The protective effect of stable nitroxide radicals against oxidative damage was studied using cardiomyocyte cultures obtained from newborn rats. Monolayered cardiomyocytes were exposed to H2O2 and the effect on spontaneous beating and leakage of LDH was determined. Hydrogen peroxide irreversibly blocked rhythmic beating and resulted in a significant membrane injury as shown by release of LDH. The injury was prevented by catalase which removes H2O2 and by cell-permeable, metal-chelating agents such as desferrioxamine or bipyridine. In contrast, reagents which are excluded from the cell such as superoxide dismutase or DTPA did not protect the cells against H2O2. Five- and six-membered ring, stable nitroxide radicals which have previously been shown to chemically act as low-molecular weight, membrane-permeable, SOD-mimetic compounds provided full protection. The nitroxides prevented leakage of LDH and preserved normal cardiomyocyte contractility, presumably by intercepting intracellular O2-radicals. Alternatively, protection may result through nitroxides reacting with reduced transition metal ions or by detoxifying secondary organic radicals.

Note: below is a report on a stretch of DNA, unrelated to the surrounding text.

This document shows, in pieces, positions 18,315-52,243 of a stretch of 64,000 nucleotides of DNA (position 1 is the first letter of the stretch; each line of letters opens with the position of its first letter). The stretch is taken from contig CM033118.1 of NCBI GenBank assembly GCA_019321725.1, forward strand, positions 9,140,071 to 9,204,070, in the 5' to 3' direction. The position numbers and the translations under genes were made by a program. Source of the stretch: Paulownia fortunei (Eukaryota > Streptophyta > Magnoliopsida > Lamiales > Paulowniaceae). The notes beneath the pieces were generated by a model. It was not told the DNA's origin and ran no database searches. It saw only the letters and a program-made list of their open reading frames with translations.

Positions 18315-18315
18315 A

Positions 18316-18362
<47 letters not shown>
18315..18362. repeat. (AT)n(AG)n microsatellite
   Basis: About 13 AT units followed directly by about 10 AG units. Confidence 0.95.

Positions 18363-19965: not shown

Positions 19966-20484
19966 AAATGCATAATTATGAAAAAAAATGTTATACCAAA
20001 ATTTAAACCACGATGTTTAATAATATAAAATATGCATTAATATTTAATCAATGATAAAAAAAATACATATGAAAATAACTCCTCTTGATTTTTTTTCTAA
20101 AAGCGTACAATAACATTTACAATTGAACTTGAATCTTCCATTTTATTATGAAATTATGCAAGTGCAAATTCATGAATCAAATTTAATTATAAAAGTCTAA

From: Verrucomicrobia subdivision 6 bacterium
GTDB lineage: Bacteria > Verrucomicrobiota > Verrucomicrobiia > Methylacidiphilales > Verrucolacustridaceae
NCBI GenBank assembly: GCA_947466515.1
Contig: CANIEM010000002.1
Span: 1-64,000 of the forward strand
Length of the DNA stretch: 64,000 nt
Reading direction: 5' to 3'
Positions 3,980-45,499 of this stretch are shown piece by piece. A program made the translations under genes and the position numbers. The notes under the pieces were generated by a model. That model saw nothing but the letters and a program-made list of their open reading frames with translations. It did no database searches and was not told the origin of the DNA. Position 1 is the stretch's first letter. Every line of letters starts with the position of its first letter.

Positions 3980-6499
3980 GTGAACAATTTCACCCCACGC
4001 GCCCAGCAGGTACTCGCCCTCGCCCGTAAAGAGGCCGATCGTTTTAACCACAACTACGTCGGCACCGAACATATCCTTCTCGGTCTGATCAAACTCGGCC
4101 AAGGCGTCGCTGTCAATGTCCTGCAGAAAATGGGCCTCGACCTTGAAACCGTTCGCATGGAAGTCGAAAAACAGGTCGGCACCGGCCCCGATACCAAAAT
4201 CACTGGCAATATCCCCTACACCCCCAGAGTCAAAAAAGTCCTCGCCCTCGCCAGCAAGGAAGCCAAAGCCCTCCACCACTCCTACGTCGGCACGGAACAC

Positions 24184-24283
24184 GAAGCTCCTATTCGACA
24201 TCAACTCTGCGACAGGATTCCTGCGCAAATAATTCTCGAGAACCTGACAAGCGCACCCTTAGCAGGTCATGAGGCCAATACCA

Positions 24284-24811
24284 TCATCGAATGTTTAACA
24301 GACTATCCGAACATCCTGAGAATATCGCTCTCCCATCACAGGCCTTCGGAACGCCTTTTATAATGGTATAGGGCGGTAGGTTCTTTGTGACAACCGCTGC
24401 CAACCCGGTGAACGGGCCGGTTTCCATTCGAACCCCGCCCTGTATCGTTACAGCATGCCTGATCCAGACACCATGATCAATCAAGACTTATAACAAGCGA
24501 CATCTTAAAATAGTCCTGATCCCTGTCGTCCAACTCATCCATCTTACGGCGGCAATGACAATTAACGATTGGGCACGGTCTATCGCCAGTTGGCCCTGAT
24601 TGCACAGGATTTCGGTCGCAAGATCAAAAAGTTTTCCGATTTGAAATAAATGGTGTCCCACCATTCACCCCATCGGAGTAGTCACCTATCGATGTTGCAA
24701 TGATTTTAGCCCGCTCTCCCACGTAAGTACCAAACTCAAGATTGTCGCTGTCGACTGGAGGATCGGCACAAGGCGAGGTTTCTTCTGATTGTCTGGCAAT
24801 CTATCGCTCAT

A Samuni, D Winkelsberg, A Pinson, S M Hahn, J B Mitchell, A Russo